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Prisoner Petitions in the Federal Courts, 1980-96

NCJ Number
164615
Date Published
October 1997
Author(s)
John Scalia, Bureau of Justice Statistics
Publication Series
Publication Type
Publication
Annotation
Describes the increase in petitions filed in Federal courts (both U.S. district and U.S. appellate) by Federal and State inmates from 1980 to 1995, as well as the high dismissal rate and the low success rate.
Abstract

Describes the increase in petitions filed in Federal courts (both U.S. district and U.S. appellate) by Federal and State inmates from 1980 to 1995, as well as the high dismissal rate and the low success rate. Inmates can challenge the constitutionality of their incarceration or the conditions of their confinement or compel government officials to perform a duty owed. Federal inmates can also challenge the constitutionality of the sentence imposed. While prisoner petitions filed in U.S. district court nearly tripled between 1980 and 1996 -- increasing from 23,230 to 63,634 -- they increased at a slower rate than the prison population. Consequently, the number of petitions filed per 1,000 inmates decreased 17% between 1980 and 1996. In 1995, 62% of prisoner petitions filed and 52% of those appealed were dismissed. Less than 2% of those filed were decided in favor of the inmate.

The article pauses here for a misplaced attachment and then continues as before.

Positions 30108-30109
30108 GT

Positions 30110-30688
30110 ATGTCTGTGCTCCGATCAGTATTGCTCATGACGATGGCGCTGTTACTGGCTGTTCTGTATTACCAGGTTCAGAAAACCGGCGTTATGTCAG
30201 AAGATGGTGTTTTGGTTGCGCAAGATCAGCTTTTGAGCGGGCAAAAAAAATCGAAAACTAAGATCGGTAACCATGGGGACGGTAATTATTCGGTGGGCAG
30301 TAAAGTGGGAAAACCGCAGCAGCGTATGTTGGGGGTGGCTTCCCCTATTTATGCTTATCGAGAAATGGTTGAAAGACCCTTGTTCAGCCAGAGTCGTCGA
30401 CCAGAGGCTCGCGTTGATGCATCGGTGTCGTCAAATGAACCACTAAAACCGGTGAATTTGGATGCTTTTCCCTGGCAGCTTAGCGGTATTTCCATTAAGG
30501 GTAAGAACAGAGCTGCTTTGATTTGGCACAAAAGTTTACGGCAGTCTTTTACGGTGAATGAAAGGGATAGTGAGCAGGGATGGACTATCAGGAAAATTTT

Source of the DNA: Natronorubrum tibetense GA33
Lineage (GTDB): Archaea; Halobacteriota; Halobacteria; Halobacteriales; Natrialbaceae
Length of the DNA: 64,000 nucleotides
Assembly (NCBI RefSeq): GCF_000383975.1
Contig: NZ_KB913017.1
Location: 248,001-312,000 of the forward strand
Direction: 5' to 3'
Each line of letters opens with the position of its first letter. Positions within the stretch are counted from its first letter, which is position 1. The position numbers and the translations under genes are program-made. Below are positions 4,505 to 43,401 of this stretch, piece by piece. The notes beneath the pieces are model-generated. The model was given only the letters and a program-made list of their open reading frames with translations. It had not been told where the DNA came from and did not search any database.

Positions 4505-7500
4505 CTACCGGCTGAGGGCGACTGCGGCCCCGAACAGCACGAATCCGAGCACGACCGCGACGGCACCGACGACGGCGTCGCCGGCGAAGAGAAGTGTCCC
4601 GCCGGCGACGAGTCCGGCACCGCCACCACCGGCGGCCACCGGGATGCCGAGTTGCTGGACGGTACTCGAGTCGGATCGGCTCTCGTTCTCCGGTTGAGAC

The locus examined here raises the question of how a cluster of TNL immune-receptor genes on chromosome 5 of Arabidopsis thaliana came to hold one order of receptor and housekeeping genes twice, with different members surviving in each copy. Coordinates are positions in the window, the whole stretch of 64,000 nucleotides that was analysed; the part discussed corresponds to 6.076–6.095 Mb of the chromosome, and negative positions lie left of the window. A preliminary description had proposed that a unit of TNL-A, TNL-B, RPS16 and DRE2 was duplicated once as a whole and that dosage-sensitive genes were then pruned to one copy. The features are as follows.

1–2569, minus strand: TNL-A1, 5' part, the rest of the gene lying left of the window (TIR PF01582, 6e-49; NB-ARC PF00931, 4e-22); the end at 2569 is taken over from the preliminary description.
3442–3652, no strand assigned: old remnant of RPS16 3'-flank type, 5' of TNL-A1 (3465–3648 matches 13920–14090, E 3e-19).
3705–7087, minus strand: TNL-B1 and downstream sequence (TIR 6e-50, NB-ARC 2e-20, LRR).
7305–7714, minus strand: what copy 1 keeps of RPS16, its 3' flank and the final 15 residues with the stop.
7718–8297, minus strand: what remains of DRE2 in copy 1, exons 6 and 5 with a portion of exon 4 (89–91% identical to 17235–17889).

Date Created: June 2, 2009